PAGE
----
Summer 2020 was not a good one for common murres on the Swedish island of Stora Karlso in the Baltic Sea. The small black and white sea birds had significantly fewer babies. In fact, their breeding performance dropped by more than a fifth.
And it was all because lockdown kept tourists away.
The 2.5-kilometer (1.6 miles) island is usually the most visited seabird colony in the Baltic. When Stora Karlsö is full of day trippers, sea eagles usually give the spot a wide berth. But last summer, the birds of prey had no such crowds to contend with. While they don't prey directly on the common murre, their presence startled the breeding animals, causing eggs to roll down the cliffs or leaving them vulnerable to being eaten by gulls and crows.
Stora Karlso wasn't the only place to report unexpected wildlife problems. The drop in tourism in Thailand and India meant that with no grub left behind by visitors, highly aggressive groups of monkeys were left to fight over dwindling food supplies.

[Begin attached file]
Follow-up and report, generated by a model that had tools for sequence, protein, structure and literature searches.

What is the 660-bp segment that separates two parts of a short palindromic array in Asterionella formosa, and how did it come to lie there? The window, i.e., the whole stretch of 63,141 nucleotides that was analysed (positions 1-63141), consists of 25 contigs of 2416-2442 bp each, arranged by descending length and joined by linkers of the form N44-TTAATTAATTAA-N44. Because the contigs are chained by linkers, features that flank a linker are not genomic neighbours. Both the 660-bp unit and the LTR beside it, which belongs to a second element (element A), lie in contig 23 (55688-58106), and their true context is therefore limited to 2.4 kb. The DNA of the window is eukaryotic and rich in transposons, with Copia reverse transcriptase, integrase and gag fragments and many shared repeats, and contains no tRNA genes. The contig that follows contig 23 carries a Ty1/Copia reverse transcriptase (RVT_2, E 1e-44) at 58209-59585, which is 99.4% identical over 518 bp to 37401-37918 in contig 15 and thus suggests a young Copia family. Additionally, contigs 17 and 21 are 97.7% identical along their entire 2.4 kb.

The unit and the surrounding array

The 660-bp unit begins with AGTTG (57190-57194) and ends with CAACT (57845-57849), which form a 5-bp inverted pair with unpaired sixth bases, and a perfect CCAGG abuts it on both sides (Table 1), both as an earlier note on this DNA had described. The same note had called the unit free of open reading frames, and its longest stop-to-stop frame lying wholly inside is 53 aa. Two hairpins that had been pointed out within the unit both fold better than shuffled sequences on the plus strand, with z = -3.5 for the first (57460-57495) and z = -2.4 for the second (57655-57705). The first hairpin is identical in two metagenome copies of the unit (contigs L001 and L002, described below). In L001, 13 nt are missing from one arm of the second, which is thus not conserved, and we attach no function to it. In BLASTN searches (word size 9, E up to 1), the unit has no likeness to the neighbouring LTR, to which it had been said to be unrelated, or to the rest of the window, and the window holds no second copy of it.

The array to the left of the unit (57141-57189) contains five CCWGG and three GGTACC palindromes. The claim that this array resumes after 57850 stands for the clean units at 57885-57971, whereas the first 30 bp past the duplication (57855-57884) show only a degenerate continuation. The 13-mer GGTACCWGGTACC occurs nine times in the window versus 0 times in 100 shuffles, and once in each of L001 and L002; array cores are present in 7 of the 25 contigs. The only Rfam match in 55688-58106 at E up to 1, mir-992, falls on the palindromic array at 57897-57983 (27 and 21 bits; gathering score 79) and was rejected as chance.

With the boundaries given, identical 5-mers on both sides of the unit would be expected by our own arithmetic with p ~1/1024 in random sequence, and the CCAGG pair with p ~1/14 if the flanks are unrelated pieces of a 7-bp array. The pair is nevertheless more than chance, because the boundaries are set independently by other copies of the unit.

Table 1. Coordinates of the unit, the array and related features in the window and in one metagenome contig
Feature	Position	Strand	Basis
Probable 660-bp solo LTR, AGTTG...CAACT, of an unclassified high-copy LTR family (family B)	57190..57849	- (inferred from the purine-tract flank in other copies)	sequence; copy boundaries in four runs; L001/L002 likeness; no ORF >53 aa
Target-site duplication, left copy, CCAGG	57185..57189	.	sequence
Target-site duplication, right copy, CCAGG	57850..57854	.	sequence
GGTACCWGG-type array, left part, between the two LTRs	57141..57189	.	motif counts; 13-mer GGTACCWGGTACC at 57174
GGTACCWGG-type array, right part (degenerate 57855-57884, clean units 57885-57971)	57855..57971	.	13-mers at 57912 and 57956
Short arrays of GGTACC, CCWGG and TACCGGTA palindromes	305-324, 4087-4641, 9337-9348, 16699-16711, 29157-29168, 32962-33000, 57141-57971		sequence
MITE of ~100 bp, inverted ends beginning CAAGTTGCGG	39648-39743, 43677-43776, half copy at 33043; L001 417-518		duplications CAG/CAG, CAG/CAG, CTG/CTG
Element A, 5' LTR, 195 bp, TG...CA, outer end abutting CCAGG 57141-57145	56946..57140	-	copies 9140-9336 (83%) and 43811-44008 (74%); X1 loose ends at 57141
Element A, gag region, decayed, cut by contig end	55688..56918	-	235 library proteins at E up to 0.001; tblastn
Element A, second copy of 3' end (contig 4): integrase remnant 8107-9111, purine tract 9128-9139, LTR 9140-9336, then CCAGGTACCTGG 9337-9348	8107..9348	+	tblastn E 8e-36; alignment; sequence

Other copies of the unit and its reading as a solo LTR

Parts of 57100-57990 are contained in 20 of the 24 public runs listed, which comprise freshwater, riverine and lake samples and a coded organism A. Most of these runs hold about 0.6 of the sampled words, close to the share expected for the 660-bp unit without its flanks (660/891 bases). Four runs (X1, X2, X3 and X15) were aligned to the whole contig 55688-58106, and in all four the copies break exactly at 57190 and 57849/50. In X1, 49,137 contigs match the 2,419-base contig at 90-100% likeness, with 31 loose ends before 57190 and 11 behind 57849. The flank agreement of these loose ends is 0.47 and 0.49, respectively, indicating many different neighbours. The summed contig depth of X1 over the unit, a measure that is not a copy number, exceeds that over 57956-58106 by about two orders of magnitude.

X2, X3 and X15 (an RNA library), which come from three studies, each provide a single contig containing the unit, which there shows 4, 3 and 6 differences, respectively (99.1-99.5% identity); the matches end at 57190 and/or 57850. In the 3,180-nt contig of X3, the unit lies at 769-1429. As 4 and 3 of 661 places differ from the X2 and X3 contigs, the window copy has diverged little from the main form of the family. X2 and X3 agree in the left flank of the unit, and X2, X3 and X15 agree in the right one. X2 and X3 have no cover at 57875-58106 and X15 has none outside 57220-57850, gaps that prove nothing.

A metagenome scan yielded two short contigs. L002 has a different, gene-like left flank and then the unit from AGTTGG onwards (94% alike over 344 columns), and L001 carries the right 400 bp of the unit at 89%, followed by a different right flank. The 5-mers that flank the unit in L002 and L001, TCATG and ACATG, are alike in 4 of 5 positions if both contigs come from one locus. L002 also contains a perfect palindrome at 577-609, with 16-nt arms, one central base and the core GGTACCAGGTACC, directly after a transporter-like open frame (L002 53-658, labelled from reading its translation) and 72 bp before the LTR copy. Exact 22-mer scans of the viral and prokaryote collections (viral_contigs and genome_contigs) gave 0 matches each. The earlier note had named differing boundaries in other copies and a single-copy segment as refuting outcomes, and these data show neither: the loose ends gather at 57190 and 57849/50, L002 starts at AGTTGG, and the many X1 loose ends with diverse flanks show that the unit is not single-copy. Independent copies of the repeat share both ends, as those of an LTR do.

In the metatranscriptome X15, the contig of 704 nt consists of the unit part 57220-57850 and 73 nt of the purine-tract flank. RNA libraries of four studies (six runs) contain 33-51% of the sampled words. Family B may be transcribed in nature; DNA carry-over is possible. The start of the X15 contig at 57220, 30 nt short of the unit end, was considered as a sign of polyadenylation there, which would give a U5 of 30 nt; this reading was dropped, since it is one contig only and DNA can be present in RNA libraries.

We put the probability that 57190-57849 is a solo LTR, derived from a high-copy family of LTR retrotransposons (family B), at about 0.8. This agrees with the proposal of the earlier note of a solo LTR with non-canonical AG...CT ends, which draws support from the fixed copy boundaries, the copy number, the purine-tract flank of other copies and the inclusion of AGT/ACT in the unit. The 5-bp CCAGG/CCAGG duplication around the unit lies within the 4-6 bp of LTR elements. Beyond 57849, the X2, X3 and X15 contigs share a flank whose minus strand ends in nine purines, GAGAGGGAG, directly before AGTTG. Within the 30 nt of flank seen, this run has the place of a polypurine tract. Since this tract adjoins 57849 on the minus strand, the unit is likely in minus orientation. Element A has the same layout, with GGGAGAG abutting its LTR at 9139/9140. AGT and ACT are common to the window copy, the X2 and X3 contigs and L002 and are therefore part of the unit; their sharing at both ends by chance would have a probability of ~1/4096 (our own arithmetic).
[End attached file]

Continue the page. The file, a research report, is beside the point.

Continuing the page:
Free of tourists the environment breathes a sigh of relief
It might come as a surprise that less tourism would be a bad thing for nature.
And throughout the pandemic, media outlets and social media posts have highlighted that "nature is healing" in the absence of humans. Turtles were able to nest on empty beaches, pygmy bats spent nights in empty parking lots and, according to local newspaper reports, significantly more white dolphins were spotted off the coasts of Hong Kong, thanks to a suspension of shipping traffic.
But tourism can also play a role in conservation, not to mention supporting local livelihoods. International tourist arrivals worldwide dropped 73% in 2020 compared to 2019, according to the according to the United Nations World Tourism Organization. Revenues linked to the industry have collapsed.
The World Travel and Tourism Council (WTTC), a private travel industry grouping, estimates that the massive dip has led to a loss of approximately 197 million jobs worldwide, as well as $5.5 trillion (€4.7 trillion) in revenue. The losses are five times greater than those caused by the 2009 global economic and financial crisis.